Executive Order on Immigration Does Not Make Our Country Safer

shoulder to shoulder Apr 30, 2020

President Trump announced his intentions of “prohibiting immigration into our Country” and just last week signed an executive order halting the issuance of green cards, a legal avenue to citizenship. This order covers a very narrow area of immigration law, implies migrants are worsening the effects of the pandemic, and does nothing to make our country more secure.

The executive order largely targets individuals who have been seeking entry to the U.S. legally for years or, for some, decades. The Associated Press observed, “the proclamation Trump signed Wednesday will most affect the parents, adult children and siblings of citizens and permanent residents hoping to one day join them in the country.” According to the wording in the executive order, the administration will be reviewing the current policies, and it seems likely that further restrictions could be put into place following the pause. 

As it stands, this executive order made only minimal changes to how immigration processes were handled before it was signed. Because of the pandemic, NBC news reports, Citizen and Immigration Services field offices were already closed, visa processing and refugee admissions had been suspended, nonessential travel was restricted, and migrants at the border were being turned away without exception. Restricting travel during a global pandemic is reasonable. We need to attempt to reduce social contact in immigration-related employment just like any other industry. But because immigration had already been limited on most fronts up to this point, a 60-day halt specifically on green card admissions seems unnecessary.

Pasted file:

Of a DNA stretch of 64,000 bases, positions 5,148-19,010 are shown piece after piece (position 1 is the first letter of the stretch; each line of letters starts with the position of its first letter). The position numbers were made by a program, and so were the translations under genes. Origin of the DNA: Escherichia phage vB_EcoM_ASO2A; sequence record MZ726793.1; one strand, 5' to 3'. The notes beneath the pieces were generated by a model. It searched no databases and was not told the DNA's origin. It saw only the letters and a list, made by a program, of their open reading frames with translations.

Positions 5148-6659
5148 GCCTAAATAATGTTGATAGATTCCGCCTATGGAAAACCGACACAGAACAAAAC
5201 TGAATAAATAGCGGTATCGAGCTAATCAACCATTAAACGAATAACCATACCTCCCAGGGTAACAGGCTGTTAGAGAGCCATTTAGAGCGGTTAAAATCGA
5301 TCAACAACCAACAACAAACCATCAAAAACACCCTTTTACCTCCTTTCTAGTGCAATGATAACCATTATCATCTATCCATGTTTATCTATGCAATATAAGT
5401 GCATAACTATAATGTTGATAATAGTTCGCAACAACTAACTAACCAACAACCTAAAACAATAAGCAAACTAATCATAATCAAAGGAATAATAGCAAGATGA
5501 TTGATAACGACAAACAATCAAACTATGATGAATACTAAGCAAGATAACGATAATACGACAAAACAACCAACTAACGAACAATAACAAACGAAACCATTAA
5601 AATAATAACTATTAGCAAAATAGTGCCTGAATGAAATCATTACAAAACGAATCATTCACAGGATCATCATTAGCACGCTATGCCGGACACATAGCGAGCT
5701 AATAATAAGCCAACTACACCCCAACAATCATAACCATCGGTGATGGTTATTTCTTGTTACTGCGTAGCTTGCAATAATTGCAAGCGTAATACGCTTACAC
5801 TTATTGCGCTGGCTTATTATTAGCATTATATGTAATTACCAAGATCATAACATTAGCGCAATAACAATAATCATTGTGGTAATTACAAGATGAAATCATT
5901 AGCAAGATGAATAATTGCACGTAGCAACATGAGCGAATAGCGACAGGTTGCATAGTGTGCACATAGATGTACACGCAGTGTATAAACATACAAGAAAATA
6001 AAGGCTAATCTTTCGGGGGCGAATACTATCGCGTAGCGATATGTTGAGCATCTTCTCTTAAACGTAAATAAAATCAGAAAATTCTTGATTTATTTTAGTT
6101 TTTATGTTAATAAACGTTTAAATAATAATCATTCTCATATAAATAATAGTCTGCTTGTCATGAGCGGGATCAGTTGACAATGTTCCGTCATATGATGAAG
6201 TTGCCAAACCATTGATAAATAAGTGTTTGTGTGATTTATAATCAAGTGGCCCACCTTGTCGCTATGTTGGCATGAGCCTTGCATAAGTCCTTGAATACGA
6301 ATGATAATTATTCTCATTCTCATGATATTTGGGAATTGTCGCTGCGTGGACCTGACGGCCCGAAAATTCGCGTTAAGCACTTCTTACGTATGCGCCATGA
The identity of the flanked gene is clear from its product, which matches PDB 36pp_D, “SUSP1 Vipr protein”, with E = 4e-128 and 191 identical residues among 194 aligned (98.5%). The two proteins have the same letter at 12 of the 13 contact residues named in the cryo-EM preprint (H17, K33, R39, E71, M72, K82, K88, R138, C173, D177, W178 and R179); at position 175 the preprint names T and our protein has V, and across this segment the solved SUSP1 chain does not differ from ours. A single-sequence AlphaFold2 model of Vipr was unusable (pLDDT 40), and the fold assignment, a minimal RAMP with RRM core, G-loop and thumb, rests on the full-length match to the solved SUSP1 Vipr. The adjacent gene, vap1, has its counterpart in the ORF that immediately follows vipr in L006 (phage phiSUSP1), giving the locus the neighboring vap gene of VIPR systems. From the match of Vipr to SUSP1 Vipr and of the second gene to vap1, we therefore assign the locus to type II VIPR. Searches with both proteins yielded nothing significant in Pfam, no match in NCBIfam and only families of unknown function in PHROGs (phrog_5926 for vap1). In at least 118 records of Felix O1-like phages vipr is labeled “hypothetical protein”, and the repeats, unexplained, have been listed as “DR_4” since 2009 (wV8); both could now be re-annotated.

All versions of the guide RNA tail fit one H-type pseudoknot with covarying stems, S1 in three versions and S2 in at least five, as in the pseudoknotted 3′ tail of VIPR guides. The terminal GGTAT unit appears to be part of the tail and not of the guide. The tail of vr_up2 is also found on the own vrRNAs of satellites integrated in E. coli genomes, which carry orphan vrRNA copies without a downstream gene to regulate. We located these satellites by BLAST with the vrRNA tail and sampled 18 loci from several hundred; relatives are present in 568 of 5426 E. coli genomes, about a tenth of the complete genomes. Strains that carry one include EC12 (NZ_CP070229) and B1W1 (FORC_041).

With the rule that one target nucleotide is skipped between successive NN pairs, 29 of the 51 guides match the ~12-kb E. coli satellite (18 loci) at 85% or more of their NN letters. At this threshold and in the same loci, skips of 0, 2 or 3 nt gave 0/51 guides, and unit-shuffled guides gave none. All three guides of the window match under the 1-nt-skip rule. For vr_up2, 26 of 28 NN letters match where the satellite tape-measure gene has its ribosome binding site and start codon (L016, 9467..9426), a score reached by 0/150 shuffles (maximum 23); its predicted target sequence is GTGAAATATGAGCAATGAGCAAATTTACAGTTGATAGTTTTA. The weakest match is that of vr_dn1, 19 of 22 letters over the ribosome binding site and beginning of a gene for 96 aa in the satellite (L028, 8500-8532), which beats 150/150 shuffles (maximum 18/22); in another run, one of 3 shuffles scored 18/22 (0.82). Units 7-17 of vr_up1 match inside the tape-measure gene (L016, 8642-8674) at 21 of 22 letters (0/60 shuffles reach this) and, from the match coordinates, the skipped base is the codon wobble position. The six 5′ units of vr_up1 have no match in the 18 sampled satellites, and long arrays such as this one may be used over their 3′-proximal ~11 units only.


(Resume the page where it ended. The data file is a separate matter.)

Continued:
So why the executive order?

This was not an attempt to make our nation safer. Immigrants are not to blame for this crisis. President Trump continually refers to immigration restrictions in connection with keeping the American people safe, subtly implying that immigrants are a threat to our country, in an attempt to rally the nation behind him — and against immigrants. He has made this connection since the beginning days of his 2016 campaign. This was verifiably false during his campaign and is grossly exaggerated, if not outright false, now. We are still unsure of how COVID-19 entered our country, but thus far the pandemic cannot be traced to refugees, asylum-seekers, U.S. visa residents, or green card holders. Immigrants are putting their lives on the line every day in industries such as healthcare and food services, bettering life for Americans as a whole.

Our lives have all been drastically changed over the last few months. Our country indeed needs unity, but that unity need not come at the cost of other people. We can look out for others while also protecting ourselves. The two are not mutually exclusive, as the president would have us believe. We know that when we work together we have enough for ourselves and to share. Let’s stop blaming and ostracizing immigrants and find ways to protect the vulnerable in our country while also doing what we can to protect the vulnerable outside of our country.

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